US firm finds new 'Stuxnet-related' worm

Researchers at Symantec say they possess part of the worm which causes it to load on a computer after it restarts.

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March 27, 2012 02:06
1 minute read.
Stuxnet Virus

Stuxnet 311. (photo credit: Courtesy)

 
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Researchers at the US computer security firm Symantec say they have obtained a new version of an Internet worm that has been linked to the Stuxnet virus.

Stuxnet is the name of a computer virus that was detected in 2010, which reportedly caused significant damage to Iran’s uranium enrichment program.

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It targeted Siemens supervisory control and data acquisition (SCADA) systems, used by Iran to enrich uranium through spinning centrifuges. Foreign media reports speculated that Israel or the US, or both, were behind the attack.

Five months ago, Symantec detected a computer worm, Duqu, which sends back information on systems that would help attackers prepare a future strike.

Duqu “must either have been created by the same group that authored Stuxnet, or by a group that somehow managed to obtain Stuxnet’s source code,” Symantec said following the discovery.

Now, Symantec said, part of a new version of Duqu has been found.

Researchers at the firm said they came to possess a part of the worm which causes it to load on a computer after it restarts.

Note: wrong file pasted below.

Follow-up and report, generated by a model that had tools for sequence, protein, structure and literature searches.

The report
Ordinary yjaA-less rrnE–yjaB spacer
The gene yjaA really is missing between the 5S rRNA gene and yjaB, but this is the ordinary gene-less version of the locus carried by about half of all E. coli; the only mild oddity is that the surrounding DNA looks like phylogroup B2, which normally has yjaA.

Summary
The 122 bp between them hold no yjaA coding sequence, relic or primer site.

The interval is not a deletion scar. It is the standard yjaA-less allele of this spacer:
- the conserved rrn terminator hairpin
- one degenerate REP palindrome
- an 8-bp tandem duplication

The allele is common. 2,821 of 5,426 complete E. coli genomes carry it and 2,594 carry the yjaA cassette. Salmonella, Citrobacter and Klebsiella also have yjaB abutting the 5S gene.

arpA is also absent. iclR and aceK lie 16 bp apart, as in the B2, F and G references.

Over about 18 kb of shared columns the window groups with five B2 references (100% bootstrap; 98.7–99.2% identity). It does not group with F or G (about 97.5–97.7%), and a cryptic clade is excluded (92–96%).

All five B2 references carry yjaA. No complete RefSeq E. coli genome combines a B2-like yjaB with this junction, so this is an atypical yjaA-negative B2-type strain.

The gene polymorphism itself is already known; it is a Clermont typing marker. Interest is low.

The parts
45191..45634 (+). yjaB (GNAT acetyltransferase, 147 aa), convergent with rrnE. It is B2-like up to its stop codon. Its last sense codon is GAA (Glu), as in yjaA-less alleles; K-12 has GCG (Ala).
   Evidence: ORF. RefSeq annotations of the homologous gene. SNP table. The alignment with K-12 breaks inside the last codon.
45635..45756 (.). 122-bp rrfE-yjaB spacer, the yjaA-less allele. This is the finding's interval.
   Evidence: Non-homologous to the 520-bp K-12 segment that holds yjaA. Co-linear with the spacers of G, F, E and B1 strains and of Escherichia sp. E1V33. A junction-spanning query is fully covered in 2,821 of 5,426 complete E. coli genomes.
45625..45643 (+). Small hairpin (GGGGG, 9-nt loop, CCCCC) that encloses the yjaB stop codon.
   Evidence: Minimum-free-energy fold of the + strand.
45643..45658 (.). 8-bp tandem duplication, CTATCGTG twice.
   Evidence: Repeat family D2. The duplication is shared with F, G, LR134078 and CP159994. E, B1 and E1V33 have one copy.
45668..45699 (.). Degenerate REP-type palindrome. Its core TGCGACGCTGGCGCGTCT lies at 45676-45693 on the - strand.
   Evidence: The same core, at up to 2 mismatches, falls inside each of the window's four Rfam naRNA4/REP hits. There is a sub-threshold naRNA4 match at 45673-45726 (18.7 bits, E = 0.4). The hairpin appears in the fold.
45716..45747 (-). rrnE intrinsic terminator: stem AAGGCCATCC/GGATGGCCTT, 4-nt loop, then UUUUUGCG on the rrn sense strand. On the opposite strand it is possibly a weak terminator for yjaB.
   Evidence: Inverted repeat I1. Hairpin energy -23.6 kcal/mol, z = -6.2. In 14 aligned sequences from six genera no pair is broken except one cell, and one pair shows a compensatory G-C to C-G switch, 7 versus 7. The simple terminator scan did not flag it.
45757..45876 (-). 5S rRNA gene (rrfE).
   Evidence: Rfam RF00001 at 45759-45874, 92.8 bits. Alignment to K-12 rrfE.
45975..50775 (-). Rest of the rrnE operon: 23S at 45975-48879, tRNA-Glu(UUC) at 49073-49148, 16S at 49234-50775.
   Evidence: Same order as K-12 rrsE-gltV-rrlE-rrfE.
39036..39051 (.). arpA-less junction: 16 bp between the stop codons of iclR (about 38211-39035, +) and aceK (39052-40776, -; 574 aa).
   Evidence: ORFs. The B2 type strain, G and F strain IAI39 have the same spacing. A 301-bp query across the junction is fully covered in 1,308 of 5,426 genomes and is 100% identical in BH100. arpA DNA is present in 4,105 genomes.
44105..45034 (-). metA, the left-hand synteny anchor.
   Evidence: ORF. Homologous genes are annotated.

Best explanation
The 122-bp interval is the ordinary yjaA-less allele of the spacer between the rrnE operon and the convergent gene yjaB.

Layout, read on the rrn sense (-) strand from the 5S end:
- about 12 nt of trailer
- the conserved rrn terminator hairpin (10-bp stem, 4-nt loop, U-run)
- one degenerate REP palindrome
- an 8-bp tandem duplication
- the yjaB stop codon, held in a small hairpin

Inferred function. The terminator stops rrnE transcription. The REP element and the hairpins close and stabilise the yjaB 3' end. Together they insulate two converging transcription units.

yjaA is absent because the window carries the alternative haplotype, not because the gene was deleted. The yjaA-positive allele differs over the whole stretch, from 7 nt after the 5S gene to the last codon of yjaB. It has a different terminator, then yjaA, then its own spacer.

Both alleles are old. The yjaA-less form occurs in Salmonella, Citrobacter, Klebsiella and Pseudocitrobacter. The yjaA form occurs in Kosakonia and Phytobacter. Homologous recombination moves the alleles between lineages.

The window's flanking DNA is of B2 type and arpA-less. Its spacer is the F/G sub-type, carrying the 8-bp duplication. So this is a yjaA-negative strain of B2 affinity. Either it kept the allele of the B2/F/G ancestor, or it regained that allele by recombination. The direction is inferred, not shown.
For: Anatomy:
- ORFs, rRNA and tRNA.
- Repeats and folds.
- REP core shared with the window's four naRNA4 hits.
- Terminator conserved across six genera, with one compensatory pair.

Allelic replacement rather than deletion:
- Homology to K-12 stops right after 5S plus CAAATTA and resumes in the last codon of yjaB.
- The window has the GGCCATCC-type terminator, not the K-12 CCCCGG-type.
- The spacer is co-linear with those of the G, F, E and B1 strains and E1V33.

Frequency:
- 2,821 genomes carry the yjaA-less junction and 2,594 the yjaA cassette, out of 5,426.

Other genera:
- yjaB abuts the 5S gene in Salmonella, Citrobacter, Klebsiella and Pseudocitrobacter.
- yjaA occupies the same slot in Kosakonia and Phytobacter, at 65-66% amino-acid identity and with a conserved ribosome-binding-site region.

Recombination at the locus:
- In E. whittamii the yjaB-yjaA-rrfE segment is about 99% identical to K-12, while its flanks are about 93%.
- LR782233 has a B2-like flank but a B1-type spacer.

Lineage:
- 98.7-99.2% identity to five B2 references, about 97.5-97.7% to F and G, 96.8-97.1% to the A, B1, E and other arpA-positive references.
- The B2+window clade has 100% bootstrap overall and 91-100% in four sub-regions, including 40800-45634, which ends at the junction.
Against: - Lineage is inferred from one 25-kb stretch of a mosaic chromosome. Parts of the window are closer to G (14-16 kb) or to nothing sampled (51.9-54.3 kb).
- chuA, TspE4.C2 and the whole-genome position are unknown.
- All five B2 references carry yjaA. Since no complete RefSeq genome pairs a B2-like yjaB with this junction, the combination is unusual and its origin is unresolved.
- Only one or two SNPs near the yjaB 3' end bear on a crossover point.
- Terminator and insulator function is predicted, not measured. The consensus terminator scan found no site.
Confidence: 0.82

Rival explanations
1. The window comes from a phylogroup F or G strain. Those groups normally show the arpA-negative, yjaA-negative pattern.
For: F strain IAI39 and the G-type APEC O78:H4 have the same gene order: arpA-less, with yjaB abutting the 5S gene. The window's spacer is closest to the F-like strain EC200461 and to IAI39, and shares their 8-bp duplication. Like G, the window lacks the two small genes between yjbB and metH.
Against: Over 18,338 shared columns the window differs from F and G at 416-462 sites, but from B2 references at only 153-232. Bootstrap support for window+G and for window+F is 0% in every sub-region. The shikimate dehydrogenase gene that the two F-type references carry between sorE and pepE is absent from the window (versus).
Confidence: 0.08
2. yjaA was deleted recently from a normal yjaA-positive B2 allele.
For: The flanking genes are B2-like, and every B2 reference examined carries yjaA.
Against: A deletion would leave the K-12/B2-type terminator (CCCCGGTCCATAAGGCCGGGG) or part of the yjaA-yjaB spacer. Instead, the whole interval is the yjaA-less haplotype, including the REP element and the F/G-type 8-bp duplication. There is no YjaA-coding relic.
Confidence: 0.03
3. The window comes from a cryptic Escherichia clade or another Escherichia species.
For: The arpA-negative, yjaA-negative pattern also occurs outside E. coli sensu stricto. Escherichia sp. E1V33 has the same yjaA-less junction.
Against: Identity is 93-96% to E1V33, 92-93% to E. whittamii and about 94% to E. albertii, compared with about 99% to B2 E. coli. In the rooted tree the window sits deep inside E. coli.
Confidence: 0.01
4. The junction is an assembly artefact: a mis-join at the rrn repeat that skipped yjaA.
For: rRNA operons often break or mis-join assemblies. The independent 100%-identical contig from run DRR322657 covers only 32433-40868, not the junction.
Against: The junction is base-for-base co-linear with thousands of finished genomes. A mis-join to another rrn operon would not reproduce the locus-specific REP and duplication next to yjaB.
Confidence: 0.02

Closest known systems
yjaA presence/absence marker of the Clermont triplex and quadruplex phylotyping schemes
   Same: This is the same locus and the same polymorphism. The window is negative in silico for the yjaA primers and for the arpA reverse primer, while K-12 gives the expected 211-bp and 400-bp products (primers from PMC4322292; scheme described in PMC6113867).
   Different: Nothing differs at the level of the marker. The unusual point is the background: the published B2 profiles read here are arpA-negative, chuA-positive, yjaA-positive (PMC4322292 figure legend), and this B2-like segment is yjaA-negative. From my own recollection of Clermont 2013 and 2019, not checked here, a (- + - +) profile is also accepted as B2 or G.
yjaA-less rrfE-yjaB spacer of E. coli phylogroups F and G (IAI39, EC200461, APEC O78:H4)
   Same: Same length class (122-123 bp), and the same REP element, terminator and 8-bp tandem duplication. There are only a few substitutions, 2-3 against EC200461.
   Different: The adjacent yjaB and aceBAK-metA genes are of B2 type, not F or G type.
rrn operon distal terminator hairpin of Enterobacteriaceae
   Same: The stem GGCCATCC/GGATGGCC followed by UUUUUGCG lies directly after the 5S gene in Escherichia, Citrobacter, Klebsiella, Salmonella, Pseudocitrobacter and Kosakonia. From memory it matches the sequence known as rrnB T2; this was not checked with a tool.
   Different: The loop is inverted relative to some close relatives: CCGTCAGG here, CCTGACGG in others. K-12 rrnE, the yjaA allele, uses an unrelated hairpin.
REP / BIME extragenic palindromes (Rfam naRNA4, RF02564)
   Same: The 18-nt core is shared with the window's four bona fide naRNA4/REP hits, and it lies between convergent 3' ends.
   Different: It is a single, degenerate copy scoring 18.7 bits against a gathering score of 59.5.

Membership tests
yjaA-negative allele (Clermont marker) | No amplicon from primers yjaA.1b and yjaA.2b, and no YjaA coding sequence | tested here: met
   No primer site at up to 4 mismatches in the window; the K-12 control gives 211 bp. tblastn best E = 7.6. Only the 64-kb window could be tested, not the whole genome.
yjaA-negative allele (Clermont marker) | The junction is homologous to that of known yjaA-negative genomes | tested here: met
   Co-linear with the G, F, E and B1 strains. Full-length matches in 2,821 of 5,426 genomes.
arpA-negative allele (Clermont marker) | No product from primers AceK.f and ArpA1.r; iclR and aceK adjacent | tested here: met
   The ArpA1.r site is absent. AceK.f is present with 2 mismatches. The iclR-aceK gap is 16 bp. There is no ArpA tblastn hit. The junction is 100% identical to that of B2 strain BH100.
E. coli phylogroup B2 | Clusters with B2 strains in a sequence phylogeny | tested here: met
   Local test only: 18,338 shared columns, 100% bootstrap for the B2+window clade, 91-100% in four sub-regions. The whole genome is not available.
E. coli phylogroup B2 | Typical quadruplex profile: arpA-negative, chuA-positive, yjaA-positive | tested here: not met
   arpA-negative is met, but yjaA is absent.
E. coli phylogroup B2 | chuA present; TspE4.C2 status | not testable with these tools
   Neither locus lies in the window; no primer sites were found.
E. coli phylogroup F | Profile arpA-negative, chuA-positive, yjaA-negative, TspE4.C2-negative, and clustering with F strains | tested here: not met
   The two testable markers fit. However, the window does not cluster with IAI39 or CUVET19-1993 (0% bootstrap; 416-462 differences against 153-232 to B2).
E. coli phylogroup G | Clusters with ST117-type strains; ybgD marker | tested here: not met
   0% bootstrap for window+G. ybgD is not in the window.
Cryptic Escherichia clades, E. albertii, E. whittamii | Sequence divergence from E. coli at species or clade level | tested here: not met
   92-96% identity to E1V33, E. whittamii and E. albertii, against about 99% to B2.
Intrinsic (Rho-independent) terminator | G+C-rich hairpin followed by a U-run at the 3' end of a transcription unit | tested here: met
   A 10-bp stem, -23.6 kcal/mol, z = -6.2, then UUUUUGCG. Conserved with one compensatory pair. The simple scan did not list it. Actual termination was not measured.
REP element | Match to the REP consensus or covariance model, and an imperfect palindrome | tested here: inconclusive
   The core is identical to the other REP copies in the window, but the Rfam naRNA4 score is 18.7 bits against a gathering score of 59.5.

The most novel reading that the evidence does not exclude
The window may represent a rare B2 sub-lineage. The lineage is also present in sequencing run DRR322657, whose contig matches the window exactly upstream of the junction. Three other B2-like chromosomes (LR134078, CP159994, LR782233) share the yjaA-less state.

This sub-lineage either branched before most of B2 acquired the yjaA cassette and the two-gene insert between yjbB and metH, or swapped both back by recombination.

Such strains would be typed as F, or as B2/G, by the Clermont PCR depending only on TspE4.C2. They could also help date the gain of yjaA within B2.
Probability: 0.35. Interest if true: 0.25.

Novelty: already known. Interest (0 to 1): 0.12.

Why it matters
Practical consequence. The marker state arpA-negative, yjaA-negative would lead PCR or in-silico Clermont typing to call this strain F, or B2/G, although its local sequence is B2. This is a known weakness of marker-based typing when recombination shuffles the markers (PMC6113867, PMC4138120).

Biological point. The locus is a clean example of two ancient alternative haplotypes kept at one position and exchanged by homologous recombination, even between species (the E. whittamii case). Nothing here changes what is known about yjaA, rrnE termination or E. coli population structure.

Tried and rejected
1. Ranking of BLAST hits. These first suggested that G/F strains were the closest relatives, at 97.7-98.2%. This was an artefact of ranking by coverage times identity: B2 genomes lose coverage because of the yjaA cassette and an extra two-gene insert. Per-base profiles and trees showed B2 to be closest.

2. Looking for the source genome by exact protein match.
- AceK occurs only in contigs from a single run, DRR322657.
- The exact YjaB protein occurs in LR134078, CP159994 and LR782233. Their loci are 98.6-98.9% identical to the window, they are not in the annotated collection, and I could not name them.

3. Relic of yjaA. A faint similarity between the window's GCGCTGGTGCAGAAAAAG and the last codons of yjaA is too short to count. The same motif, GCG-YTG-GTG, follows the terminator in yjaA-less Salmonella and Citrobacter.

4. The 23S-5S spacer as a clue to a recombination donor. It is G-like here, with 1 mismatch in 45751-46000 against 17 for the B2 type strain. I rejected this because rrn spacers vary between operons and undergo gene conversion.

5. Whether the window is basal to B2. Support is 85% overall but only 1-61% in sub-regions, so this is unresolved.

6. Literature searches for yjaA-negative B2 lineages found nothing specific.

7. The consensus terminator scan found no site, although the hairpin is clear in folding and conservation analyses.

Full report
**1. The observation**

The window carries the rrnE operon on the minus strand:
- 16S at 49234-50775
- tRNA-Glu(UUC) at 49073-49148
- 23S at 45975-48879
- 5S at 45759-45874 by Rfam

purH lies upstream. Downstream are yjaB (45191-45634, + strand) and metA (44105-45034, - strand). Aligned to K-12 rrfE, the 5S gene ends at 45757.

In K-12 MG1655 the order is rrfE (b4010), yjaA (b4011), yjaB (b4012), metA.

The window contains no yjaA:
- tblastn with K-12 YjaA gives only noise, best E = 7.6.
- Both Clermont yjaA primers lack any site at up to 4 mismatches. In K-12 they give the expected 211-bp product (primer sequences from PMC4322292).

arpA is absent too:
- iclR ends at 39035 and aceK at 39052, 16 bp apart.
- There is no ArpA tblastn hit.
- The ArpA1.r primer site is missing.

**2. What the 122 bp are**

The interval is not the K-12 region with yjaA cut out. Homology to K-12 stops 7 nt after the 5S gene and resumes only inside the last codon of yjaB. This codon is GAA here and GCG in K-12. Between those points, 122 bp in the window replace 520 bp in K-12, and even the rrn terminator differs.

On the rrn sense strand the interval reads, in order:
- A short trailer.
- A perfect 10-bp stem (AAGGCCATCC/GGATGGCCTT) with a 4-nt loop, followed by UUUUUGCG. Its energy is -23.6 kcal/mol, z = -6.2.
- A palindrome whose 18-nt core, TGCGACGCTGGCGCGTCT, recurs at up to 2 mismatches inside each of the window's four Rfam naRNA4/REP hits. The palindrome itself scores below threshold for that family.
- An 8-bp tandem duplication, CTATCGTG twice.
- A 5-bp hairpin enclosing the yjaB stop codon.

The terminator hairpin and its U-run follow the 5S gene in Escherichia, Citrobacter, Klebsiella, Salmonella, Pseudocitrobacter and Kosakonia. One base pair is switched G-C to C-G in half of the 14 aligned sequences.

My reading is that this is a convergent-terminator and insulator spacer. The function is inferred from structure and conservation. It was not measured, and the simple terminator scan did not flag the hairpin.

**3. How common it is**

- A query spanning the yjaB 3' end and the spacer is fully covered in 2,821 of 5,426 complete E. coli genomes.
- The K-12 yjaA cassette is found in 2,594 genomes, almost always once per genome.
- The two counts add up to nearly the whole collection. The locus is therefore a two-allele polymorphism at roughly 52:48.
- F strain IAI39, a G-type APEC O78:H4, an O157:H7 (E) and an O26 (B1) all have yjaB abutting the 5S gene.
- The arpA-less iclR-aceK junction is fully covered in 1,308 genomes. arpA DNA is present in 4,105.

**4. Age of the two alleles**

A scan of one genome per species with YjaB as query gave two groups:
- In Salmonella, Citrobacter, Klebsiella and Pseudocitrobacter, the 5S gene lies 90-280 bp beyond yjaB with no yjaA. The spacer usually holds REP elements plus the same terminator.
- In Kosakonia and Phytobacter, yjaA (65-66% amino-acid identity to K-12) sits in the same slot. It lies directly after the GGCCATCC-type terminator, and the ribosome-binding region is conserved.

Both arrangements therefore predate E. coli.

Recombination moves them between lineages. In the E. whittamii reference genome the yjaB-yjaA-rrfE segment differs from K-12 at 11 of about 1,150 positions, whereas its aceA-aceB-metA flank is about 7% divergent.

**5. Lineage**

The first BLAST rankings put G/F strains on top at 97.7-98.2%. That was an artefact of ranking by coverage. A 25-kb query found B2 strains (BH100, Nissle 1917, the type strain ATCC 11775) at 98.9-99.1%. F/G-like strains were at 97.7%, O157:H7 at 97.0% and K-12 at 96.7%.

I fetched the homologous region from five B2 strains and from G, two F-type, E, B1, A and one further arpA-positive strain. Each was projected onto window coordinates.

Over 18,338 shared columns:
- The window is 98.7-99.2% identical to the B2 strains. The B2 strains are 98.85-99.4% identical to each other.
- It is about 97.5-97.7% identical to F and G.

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“The compile date on the Duqu component is February 23, 2012, so this new version has not been in the wild for very long,” a post on Symantec’s blog said. “We can see the authors have changed just enough enough of the threat to evade some security product detection.”

Last year, Symantec concluded that the mysterious authors behind Stuxnet, described as the most sophisticated cyber weapon on the planet, appear to be planning another strike, and have updated their advanced spy program designed to search out weaknesses.

The Duqu worm was believed to have infected systems in countries from Vietnam to France, including Iran.

In recent days, another cyber security company, Kaspersky Lab, reported that Duqu had been written in “pure C,” an old programming language “long since discarded by most programmers in favor of newer versions,” ABC News reported.

Quoting Kaspersky researchers, ABC said that the old language was used “to make sure that the worm could infect just about everything it touched.”

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